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Why exercise is as good for your brain as it is for your body

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Why exercise is as good for your brain as it is for your body

A satisfying night’s sleep has long been branded as the cure to all ills, particularly when clearing damaging toxins from the brain.

Neuroscientists have long believed that deep sleep helps the clearance of problematic debris from the brain, flushing away many of the proteins and metabolites thought to be involved in the development of Alzheimer’s and other dementias. 

This is hardly reassuring for the insomniacs amongst us. However definitive proof has always been hard to come by, and a new study in the journal Nature Neuroscience has poured cold water on the theory. While sleep is still vital for many aspects of health, Bill Wisden, a professor at the UK Dementia Research Institute who was involved in leading the study, says that being active may actually play a far bigger role in toxin clearance. 

“We have shown that brain clearance is highly efficient during the waking state,” he says. “In general, being awake, active, and exercising may more efficiently clean the brain of toxins.”

This is undoubtedly good news for anyone who struggles to get a solid seven hours a night. After all, a brisk half-hour walk is something most of us can manage even after a night of tossing and turning.

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Wisden’s suggestion fits in with a growing number of research breakthroughs in recent years that indicate the sheer importance of exercise for all aspects of the brain. 

Toxin clearance

Exercise’s role in removing waste from the brain is currently an area of active investigation in research labs across the globe. The working theory relates to certain shape-shifting brain cells known as microglial cells which can take on different personas depending on your state of health.

In some psychiatric conditions such as schizophrenia and even Long Covid, the disease process causes microglia to take on a visibly spiky form, generating inflammation and interfering with the brain’s natural workings.

However, researchers suspect that exercise may actively induce microglia to take on a healthier anti-inflammatory guise. This means they would act as helpful scavengers, clearing detritus and ensuring that the synaptic connections between neurons are clean and functioning properly.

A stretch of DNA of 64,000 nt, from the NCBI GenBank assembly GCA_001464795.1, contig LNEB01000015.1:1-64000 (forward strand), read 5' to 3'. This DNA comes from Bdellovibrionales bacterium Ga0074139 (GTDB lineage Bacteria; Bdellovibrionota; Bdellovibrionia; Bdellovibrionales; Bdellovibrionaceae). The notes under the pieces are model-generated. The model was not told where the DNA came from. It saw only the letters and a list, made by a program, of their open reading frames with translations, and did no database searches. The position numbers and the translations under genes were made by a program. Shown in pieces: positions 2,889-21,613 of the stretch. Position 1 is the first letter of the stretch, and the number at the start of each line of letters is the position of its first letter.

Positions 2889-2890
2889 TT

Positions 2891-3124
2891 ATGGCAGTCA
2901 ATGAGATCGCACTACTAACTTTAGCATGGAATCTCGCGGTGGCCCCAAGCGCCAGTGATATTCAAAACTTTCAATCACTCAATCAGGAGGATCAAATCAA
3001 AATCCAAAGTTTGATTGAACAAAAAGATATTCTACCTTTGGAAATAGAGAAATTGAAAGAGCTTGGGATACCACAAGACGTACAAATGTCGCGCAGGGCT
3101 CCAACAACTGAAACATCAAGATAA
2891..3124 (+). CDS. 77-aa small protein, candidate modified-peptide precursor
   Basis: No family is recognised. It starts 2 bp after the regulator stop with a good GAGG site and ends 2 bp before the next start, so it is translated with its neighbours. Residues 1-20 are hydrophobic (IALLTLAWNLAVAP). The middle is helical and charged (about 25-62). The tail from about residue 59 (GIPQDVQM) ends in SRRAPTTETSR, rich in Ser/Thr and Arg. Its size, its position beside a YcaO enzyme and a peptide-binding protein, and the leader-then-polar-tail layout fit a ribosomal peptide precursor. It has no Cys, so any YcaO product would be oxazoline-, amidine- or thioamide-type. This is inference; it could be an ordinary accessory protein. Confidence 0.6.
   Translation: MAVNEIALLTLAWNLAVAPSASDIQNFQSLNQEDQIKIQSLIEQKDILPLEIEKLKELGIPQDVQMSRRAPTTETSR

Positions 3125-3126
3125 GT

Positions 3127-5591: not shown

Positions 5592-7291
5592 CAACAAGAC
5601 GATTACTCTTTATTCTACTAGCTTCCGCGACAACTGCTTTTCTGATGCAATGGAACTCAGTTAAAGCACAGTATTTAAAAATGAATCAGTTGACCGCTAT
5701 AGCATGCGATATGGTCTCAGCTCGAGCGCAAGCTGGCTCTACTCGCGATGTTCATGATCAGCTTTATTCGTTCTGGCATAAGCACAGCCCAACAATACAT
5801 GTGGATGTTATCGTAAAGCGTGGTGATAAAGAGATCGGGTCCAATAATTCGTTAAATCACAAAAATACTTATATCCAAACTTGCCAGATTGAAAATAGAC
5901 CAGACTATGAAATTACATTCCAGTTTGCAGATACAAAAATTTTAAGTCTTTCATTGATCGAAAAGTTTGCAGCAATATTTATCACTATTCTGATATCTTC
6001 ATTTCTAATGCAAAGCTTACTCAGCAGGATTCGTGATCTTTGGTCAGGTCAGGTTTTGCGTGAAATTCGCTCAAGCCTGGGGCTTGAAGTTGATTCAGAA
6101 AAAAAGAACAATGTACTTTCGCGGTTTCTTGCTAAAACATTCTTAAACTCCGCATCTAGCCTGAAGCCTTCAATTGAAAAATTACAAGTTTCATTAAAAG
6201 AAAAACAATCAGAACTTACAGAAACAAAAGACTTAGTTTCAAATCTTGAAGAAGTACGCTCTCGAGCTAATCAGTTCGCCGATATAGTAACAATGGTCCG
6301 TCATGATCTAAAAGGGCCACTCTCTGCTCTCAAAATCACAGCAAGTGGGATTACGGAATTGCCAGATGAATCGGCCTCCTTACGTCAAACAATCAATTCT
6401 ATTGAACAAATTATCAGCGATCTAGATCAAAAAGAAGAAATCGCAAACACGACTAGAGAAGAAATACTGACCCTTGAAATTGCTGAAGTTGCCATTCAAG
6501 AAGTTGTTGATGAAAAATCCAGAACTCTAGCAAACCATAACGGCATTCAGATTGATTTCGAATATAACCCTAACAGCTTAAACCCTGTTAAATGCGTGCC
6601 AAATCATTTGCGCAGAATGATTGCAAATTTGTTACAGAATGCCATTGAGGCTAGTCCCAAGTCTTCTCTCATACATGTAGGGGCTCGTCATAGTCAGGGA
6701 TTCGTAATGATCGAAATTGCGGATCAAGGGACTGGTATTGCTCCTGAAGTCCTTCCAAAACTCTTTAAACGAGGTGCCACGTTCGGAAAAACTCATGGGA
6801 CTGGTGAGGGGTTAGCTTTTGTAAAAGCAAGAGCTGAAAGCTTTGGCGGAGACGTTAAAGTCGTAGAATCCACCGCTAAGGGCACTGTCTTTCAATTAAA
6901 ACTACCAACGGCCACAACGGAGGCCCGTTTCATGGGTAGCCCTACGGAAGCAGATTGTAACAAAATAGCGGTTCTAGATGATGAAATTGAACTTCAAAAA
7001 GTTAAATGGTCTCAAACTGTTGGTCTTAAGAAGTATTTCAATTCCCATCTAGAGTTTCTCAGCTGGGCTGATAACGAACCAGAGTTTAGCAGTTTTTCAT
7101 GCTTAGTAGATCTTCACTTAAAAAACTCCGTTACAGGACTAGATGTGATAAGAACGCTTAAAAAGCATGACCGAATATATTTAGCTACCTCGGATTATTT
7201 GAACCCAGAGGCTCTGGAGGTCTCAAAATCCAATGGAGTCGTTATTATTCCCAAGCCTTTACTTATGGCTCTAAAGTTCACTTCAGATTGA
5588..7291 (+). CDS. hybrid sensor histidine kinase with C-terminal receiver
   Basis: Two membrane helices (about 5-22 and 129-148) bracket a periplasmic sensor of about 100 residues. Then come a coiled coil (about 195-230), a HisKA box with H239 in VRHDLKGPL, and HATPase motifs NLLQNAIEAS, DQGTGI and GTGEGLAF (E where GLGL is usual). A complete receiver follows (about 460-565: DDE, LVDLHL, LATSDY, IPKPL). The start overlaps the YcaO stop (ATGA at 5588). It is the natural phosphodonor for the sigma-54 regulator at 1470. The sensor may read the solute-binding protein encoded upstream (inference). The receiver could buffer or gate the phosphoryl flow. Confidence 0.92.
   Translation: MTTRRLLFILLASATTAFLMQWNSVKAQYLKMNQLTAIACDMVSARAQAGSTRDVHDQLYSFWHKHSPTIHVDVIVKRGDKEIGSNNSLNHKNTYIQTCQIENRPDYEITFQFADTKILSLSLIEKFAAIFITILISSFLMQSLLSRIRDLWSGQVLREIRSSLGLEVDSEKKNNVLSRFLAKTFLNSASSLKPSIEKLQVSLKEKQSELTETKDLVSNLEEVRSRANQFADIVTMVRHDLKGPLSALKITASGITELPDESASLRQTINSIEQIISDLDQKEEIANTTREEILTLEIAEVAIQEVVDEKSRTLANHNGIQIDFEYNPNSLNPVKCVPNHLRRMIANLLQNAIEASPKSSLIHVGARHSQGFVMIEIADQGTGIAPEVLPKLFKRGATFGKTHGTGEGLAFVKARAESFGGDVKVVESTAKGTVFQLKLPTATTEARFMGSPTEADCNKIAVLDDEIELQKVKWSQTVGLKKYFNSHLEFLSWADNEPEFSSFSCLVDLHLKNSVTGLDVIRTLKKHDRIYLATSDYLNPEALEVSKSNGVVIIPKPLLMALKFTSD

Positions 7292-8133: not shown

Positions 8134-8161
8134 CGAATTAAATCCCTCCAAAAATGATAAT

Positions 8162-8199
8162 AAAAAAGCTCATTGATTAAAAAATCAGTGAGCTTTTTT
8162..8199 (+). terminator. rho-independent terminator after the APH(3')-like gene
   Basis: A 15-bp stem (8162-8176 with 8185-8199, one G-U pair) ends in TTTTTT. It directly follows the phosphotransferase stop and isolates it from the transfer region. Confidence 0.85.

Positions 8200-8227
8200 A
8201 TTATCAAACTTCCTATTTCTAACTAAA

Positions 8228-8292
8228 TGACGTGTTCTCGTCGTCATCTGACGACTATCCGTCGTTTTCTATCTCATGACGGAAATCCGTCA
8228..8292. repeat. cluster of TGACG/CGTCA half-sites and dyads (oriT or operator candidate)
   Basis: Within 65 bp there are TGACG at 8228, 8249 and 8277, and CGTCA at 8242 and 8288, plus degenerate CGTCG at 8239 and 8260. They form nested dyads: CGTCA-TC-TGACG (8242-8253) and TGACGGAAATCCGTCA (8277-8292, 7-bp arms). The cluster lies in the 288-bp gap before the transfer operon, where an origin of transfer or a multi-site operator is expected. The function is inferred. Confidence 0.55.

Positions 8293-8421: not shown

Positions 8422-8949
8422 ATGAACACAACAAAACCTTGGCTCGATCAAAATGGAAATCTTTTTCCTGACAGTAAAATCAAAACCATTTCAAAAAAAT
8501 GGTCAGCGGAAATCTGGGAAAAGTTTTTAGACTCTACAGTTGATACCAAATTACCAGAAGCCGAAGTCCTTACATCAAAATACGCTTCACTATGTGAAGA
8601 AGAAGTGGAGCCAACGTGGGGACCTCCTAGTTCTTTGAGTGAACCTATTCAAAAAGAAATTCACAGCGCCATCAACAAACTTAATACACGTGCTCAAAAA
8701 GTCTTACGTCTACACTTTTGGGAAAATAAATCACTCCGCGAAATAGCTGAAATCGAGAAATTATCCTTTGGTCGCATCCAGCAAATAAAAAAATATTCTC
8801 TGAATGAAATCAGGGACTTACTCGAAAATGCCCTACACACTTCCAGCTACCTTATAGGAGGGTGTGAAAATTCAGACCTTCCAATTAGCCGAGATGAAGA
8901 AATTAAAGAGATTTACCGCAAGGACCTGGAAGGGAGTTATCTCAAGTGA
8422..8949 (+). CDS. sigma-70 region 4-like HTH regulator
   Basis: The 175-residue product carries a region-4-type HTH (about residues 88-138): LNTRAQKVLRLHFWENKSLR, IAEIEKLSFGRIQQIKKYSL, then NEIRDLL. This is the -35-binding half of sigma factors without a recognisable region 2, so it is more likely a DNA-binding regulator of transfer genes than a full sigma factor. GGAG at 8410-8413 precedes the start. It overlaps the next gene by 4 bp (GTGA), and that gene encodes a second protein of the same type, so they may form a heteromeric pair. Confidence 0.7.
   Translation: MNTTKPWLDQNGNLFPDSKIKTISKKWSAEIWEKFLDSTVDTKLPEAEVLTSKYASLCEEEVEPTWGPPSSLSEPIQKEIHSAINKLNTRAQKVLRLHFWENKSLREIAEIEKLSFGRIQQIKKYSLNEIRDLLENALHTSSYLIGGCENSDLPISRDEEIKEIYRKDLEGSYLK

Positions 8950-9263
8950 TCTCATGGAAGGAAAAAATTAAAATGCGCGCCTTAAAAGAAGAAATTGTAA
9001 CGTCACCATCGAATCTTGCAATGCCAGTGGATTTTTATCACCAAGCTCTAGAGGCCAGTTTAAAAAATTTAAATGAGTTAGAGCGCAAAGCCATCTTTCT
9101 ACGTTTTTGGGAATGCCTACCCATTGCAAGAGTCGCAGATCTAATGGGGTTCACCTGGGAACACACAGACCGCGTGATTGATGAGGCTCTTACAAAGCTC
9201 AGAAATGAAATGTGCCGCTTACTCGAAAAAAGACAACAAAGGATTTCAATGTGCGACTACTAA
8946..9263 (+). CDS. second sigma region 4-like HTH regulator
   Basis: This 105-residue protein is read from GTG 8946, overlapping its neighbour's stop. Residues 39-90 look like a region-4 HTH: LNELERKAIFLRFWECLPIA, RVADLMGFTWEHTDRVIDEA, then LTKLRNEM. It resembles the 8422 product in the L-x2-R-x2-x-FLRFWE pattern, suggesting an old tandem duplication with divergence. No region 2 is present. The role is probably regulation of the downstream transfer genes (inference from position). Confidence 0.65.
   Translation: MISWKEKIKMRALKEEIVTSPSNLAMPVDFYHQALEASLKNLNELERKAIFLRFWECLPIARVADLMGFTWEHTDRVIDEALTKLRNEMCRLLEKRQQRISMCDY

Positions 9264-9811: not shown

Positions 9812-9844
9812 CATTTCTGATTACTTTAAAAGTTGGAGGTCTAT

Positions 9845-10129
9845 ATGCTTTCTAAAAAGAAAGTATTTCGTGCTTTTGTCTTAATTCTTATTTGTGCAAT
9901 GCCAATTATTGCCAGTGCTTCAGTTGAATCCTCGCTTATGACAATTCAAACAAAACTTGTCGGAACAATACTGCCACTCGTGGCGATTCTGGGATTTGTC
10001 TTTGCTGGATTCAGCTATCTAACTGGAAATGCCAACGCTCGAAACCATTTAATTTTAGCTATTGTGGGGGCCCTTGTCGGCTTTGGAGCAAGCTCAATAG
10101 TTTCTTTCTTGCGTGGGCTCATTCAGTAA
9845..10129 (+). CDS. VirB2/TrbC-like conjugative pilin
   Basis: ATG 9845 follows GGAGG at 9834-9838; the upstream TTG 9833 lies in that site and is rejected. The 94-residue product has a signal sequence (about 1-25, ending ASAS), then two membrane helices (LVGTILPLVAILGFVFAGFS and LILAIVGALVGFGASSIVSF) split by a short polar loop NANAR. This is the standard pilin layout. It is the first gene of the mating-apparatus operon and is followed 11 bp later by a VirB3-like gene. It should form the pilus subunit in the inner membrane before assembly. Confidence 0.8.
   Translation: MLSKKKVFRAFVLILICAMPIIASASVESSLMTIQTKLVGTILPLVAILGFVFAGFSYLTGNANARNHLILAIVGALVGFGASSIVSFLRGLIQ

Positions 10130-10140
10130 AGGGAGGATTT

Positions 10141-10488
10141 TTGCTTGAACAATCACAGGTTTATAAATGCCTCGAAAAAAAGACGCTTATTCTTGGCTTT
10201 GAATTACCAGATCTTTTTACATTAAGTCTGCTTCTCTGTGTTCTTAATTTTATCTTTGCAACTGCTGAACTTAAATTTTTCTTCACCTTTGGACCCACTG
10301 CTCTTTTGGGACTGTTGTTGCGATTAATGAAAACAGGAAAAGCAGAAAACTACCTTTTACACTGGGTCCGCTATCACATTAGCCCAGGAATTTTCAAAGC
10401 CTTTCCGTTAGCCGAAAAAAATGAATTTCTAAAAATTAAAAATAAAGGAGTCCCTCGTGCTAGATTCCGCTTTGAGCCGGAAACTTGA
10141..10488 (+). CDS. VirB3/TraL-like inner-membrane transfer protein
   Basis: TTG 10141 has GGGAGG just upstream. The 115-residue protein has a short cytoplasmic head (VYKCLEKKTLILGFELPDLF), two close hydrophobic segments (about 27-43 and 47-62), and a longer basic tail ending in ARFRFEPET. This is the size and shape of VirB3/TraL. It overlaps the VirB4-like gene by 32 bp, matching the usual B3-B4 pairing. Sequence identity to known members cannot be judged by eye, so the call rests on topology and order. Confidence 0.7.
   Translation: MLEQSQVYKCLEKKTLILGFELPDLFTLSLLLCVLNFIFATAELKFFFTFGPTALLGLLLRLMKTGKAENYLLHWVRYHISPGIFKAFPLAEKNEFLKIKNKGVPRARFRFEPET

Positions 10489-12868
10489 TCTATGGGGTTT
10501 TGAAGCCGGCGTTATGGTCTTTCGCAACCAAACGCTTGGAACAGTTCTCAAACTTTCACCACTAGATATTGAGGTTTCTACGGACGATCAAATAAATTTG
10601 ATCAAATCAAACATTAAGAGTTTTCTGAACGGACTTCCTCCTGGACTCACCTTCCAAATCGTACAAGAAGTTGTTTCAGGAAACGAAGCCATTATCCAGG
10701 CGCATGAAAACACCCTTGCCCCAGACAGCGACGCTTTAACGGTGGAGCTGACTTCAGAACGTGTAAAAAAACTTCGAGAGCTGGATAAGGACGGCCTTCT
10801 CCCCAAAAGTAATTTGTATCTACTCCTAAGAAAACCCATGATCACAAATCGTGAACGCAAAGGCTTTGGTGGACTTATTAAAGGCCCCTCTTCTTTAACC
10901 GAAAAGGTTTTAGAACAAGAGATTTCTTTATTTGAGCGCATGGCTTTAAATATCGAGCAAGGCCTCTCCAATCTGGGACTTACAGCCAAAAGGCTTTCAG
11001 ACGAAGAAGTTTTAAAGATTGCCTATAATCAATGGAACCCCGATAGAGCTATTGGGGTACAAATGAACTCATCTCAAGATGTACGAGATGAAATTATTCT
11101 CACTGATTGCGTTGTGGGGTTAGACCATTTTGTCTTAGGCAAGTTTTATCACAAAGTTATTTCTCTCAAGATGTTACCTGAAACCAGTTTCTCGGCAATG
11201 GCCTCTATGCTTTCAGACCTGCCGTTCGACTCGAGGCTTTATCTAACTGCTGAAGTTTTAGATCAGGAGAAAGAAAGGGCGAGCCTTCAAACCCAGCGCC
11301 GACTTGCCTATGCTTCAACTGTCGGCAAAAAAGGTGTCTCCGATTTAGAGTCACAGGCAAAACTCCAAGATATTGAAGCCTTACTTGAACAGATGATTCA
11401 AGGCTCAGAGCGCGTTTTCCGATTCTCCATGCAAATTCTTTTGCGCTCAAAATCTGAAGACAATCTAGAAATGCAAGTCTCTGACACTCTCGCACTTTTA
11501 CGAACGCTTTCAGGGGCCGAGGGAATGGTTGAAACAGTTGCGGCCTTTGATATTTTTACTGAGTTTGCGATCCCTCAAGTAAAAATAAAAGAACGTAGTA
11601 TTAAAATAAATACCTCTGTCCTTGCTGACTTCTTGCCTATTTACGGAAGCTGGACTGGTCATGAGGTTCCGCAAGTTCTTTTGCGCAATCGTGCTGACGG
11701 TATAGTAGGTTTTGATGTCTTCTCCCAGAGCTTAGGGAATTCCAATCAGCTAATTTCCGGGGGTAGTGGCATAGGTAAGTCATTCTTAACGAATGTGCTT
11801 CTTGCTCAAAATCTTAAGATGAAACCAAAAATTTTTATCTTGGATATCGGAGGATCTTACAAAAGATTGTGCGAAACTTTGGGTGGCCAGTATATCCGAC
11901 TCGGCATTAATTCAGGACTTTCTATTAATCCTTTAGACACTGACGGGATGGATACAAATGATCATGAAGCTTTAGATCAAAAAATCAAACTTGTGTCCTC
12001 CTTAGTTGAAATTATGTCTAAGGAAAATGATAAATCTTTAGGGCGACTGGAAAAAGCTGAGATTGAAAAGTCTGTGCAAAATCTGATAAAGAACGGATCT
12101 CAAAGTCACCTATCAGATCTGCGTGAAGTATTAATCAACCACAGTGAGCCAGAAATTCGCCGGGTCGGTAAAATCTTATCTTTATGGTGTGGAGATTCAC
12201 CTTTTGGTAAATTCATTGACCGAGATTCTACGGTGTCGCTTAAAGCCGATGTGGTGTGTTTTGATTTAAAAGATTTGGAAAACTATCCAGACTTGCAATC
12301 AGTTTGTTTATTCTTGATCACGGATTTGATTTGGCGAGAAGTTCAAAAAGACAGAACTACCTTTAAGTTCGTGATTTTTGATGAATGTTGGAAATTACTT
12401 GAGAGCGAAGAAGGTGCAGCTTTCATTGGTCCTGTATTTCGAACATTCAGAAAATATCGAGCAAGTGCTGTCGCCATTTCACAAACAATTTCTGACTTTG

“Microglia are there to survey everything,” says Dr Rebecca MacPherson, associate professor at Brock University in Canada where she runs a lab studying how exercise benefits the brain. “We’re exploring this idea that exercise activates them in a way that enhances the way they clear the products of metabolism.”

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The brain fertiliser

Research has repeatedly shown that being physically active reduces the risk of all forms of dementia by 28%, and Alzheimer’s disease in particular by 45%.

Over the years scientists have conducted various experiments in which participants have been randomised into two different groups, with one group following an exercise program and the other remaining sedentary. Almost all of them have reported that the exercise program group performed better on cognitive tests, with the same trend found in healthy participants, stroke survivors, and even Alzheimer’s patients.

Much of this is thought to be down to a molecule called brain-derived neurotrophic factor or BDNF. This molecule has gained a reputation among neuroscientists as ‘the brain fertiliser’ for its remarkable ability to stimulate the growth of new neurons and strengthen the connections between them.

“Muscle contractions increase BDNF while your platelets in the blood actually store a lot of BDNF,” says MacPherson. “So with increased blood flow due to exercise, your platelets can release more of it into the circulation.”

Through studies carried out in cells and animals, MacPherson’s lab has even shown that BDNF prevents the accumulation of tiny beta-amyloid protein fragments in the brain by altering the activity of different enzymes, which could explain why exercise helps to diminish the risk of Alzheimer’s.

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But BDNF is not the only beneficial molecule released when you exercise. Last year, a study in the journal Neuron showed that exercise causes the production of a hormone called irisin which is capable of clearing amyloid plaques.

Christiane Wrann, an assistant professor of medicine at Harvard Medical School, who was involved in the study, has been so fascinated by irisin that she is now looking to develop an artificial form of it as a therapeutic for various neurodegenerative diseases including Alzheimer’s and Parkinson’s.

“It’s a small hormone which works on neuroinflammation and plaque clearance which makes it very relevant for Alzheimer’s disease,” she says. “I think there’s three or four properties of irisin that make it a really promising drug target.”

How much exercise and which intensity is best?

MacPherson gives a wry smile when this question is broached. “Everyone wants to know exactly what they need to do, and that’s a difficult one to answer,” she says.